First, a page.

New York

Venturi, Rauch, and Scott Brown

Max Protetch

Given the frequency with which architects have been exhibiting in art galleries, this show of projects by Venturi, Rauch and Scott Brown is long over due. The theoretical primacy of Robert Venturi's Complexity and Contradiction in Architecture (1966) and Learning from Las Vegas (coauthored with Denise Scott Brown and Steven Izenour, 1972); the firm's seminal effect on the development of Postmodernism in architecture, now descended (by its partners' own admission) into furbelows of historical quotation and chromatic slush; and the scope of the architects' influence as a whole, argue persuasively for such a viewing. What this one shows is a restrained, cautious, and in general accommodating slant on the office's production.

The exhibition of 114 drawings was conceived as a survey spanning the firm's work over the past 25 years, but accentuating recent projects. It alternated in form between the mini-museum retrospective, gallery lodged by default, and the practice, common to architects exhibiting in galleries, of throwing everything onto the walls. In this case the selection was carefully edited to emphasize the range and feasibility of designs, and, as if to illustrate his theories, Venturi designed his own “contextual” installation. The white walls sacred to Modernism, here painted a subtle gray, were stenciled over with a continuous pattern of flowers. The latter—distinctly vernacular buds, like the varieties known to American toilet paper alone—were derived from the facade of the firm's Best Products catalogue showroom (1979), the original brilliant blues and greens here replaced by tasteful gallery grays. A continuous red line ran friezelike above eye level to separate a small layer of initial sketches from finished presentation drawings below. The installation, then, was geared to context and situation, to pattern and appliqué, to surface above all.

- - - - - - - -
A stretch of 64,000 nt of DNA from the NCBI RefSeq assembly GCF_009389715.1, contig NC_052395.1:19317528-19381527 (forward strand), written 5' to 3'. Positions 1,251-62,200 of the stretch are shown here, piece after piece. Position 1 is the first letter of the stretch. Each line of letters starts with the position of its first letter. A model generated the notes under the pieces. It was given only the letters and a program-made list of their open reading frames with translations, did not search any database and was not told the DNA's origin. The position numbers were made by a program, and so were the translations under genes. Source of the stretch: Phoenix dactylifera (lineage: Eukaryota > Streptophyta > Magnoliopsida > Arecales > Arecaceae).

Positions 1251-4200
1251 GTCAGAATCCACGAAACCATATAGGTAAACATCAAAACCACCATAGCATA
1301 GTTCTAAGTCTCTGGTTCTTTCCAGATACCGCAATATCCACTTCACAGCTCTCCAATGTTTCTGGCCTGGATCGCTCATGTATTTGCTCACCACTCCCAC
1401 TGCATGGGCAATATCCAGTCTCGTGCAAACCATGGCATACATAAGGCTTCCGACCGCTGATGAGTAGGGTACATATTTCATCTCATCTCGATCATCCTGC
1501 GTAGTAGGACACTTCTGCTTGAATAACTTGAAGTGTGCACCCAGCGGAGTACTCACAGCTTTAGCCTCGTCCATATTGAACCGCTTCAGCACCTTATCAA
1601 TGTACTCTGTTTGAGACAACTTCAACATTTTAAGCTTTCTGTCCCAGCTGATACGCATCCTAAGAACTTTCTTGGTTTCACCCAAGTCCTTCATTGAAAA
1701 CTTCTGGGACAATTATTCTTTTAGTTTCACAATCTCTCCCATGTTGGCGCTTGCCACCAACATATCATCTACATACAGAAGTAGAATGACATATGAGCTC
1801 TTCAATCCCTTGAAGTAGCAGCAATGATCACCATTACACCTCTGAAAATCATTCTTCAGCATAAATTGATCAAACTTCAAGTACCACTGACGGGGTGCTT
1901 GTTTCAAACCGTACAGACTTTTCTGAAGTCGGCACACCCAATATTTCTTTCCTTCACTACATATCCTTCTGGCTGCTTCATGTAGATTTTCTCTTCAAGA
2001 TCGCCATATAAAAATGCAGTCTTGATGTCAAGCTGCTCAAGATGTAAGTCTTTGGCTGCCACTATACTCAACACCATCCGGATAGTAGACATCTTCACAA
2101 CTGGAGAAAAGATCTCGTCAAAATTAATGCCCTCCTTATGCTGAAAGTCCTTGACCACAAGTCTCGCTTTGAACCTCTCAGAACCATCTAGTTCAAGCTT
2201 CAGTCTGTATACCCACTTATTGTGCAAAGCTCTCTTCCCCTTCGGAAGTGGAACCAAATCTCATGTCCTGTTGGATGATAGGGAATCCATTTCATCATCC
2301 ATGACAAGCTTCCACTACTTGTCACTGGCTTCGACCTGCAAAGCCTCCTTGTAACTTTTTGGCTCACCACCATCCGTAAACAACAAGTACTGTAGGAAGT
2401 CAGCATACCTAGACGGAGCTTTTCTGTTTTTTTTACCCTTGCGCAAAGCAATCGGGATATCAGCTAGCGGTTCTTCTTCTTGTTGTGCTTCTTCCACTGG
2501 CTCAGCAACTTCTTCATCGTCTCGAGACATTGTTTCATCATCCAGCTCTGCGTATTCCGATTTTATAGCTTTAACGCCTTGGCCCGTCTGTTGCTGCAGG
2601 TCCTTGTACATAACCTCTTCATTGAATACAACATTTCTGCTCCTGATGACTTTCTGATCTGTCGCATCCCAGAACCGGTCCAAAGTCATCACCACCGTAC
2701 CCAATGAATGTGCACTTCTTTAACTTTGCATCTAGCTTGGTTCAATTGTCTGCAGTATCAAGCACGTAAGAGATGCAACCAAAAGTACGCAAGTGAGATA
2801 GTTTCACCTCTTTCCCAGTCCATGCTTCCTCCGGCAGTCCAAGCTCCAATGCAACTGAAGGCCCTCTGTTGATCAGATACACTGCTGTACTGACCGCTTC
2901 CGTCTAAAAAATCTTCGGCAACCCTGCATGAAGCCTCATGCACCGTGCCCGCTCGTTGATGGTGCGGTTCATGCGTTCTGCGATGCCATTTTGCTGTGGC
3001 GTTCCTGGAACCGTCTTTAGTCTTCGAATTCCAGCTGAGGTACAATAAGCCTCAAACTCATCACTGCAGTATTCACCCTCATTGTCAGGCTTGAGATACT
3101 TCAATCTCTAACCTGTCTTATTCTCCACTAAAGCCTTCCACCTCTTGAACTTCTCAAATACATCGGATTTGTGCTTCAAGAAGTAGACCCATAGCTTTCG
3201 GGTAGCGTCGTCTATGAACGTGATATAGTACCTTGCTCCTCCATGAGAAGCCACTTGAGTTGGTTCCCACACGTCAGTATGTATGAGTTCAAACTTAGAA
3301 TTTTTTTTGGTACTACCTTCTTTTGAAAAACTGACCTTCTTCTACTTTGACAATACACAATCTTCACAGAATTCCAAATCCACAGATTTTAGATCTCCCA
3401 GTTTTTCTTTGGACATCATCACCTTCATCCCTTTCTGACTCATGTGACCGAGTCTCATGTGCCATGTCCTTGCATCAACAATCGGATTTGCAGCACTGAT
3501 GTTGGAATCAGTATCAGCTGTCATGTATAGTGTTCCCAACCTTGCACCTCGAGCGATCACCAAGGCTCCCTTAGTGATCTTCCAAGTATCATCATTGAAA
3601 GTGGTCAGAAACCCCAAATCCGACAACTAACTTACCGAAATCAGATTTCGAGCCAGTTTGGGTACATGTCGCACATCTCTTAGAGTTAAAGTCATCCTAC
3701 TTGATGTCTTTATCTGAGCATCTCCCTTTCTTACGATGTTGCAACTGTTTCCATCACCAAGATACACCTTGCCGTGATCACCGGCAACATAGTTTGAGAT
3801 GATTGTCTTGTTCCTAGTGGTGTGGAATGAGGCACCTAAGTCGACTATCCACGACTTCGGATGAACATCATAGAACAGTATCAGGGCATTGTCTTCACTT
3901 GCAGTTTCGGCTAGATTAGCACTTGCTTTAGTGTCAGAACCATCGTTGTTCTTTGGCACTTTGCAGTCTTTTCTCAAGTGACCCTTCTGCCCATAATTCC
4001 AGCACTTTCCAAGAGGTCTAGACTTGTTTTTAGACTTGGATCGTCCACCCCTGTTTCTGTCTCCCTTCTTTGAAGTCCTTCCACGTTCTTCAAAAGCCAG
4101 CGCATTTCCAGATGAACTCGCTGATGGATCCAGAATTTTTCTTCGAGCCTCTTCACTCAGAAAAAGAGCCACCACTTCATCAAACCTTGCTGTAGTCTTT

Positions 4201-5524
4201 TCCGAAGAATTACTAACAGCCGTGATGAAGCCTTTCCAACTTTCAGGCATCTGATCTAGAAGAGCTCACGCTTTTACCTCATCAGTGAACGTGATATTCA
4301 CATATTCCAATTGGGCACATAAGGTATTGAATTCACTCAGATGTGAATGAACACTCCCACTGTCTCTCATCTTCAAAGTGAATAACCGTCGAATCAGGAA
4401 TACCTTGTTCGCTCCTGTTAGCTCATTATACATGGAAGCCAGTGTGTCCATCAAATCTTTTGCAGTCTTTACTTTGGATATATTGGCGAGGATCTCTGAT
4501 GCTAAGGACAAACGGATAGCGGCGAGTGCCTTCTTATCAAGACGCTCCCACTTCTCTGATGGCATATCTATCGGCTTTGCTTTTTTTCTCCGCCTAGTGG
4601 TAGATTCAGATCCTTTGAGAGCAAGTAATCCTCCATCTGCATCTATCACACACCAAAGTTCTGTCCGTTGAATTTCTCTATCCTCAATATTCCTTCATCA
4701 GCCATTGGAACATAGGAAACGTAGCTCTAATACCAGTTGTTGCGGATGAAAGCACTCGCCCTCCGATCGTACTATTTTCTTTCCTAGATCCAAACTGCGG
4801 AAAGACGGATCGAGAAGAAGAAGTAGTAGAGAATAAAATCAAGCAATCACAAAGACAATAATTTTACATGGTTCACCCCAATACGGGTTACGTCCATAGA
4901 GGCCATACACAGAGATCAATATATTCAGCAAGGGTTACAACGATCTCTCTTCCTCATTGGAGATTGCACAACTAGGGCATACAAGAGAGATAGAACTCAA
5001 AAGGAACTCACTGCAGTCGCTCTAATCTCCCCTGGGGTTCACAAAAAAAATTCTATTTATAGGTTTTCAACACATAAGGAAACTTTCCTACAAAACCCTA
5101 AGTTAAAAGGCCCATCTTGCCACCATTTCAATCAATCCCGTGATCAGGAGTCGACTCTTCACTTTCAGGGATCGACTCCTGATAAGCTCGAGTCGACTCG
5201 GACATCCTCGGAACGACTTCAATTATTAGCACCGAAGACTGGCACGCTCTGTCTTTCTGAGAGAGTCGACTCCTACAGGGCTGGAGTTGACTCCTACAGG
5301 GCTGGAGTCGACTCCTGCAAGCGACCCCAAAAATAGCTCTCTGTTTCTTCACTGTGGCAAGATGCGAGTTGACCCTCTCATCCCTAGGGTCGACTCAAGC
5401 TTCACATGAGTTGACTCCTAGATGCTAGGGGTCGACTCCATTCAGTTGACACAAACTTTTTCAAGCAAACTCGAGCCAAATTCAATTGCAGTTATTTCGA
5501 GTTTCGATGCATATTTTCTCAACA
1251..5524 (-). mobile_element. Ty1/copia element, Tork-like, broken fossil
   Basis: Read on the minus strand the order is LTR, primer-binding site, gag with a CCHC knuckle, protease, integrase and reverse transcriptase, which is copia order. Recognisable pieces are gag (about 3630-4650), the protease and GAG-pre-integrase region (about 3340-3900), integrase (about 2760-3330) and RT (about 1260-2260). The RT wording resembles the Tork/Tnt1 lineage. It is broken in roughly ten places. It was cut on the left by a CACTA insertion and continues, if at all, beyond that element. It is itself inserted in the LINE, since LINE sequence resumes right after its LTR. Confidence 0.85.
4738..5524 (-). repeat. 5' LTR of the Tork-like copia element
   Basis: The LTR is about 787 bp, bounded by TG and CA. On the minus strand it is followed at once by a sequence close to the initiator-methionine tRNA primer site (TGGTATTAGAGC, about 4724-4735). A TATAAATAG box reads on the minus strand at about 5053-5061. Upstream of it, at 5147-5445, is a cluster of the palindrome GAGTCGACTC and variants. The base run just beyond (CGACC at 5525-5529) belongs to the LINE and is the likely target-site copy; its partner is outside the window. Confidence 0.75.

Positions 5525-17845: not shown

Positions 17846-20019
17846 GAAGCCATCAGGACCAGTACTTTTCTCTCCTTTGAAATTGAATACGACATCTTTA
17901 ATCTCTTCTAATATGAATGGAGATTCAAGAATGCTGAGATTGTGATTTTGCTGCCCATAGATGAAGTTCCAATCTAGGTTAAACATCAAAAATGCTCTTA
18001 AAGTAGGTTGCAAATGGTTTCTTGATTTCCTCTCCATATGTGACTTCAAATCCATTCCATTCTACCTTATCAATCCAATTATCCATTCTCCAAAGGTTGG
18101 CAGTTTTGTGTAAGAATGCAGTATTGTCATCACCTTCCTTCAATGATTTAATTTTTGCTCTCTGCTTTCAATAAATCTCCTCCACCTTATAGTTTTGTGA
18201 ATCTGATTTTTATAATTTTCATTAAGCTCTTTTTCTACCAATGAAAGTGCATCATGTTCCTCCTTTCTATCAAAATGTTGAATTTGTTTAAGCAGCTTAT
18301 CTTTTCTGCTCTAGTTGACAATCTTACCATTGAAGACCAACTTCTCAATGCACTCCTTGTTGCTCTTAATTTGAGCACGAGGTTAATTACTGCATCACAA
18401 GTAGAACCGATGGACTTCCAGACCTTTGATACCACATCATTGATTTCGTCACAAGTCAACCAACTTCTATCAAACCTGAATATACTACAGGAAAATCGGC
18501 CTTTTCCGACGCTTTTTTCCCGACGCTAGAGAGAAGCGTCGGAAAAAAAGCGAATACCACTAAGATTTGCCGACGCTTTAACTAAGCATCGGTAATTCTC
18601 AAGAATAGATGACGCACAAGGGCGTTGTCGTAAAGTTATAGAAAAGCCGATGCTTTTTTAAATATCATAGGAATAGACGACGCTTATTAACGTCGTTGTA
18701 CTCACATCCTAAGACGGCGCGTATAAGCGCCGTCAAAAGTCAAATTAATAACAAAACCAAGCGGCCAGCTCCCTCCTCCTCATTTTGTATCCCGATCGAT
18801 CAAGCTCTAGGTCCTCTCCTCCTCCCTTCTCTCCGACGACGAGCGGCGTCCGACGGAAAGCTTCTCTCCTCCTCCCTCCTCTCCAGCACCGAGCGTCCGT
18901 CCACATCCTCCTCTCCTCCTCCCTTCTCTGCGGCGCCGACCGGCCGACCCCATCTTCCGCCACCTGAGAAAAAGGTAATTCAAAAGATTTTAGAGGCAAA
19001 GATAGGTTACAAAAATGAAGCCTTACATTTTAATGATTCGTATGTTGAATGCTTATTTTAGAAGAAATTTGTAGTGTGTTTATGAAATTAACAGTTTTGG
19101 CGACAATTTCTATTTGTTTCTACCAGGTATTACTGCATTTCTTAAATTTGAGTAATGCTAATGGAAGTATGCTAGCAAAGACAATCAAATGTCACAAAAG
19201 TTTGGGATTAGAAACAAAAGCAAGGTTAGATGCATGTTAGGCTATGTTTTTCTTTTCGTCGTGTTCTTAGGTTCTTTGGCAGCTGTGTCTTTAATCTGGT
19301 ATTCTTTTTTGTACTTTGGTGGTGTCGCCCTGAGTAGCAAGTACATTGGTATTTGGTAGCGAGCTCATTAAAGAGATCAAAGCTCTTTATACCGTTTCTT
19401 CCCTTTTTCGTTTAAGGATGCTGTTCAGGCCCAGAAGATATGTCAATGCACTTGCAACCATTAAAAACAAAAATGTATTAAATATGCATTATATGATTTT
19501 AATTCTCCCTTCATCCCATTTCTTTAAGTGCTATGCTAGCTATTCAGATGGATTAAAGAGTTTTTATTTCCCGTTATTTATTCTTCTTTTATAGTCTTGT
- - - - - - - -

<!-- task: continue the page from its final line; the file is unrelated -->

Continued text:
The exhibited works ran a considerable range of program and context, extending from small houses (i.e., in Delaware, 1978, the Brant-Johnson house in Vail, Colo., 1975, the Coxe-Hayden Studio on Block Island, R.I., 1979, and on Long Island, N.Y., 1981) to medium-sized office buildings and projects (County Federal Savings and Loan, Fairfield: Conn., 1977) to large complexes (the building for Baghdad, 1981, and the Institute for Scientific Information, Philadelphia, Penn., 1978). Quite predictably, most drawings were elevations, with only an occasional section or schematic floor plan detracting from the overwhelming focus on the facade. Architecture was configured here as surface rather than as volume; as representational system or symbolic field rather than as spatial whole. The facade or wall is conceived as a mirror like expanse, reflecting a diversity of cultural influences or, more specifically, of contexts. This, of course, reflects the pluralist concerns of the firm, whose historic contribution can be seen as the introduction, within the vast storehouse of architectural references, of the vernacular field ignored by Modernist and functionalist doctrines. Yet in recent years Venturi has abandoned his strident Pop-ish verve and has turned, with increasing frequency, toward the past. Porticoes, gables, and shingles turn up everywhere, Ionic capitals are cut out and appliquéd onto schemes, while circles and triangles punctuate an otherwise pristine exterior (Butler Dining Hall, Princeton University, current). As opposed to much current architectural Postmodernism, stylistic reference is generally mediated by relevance, by a desire for the “appropriate” quote; thus Moorish arches lend rhythm to the Baghdad building, while “Jeffersonian” columns articulate a Mount Vernon facade. Yet elsewhere it appears to get out of hand, as Venturi seems to be learning from Lutyens rather than from Las Vegas in a recitation of architectural fads.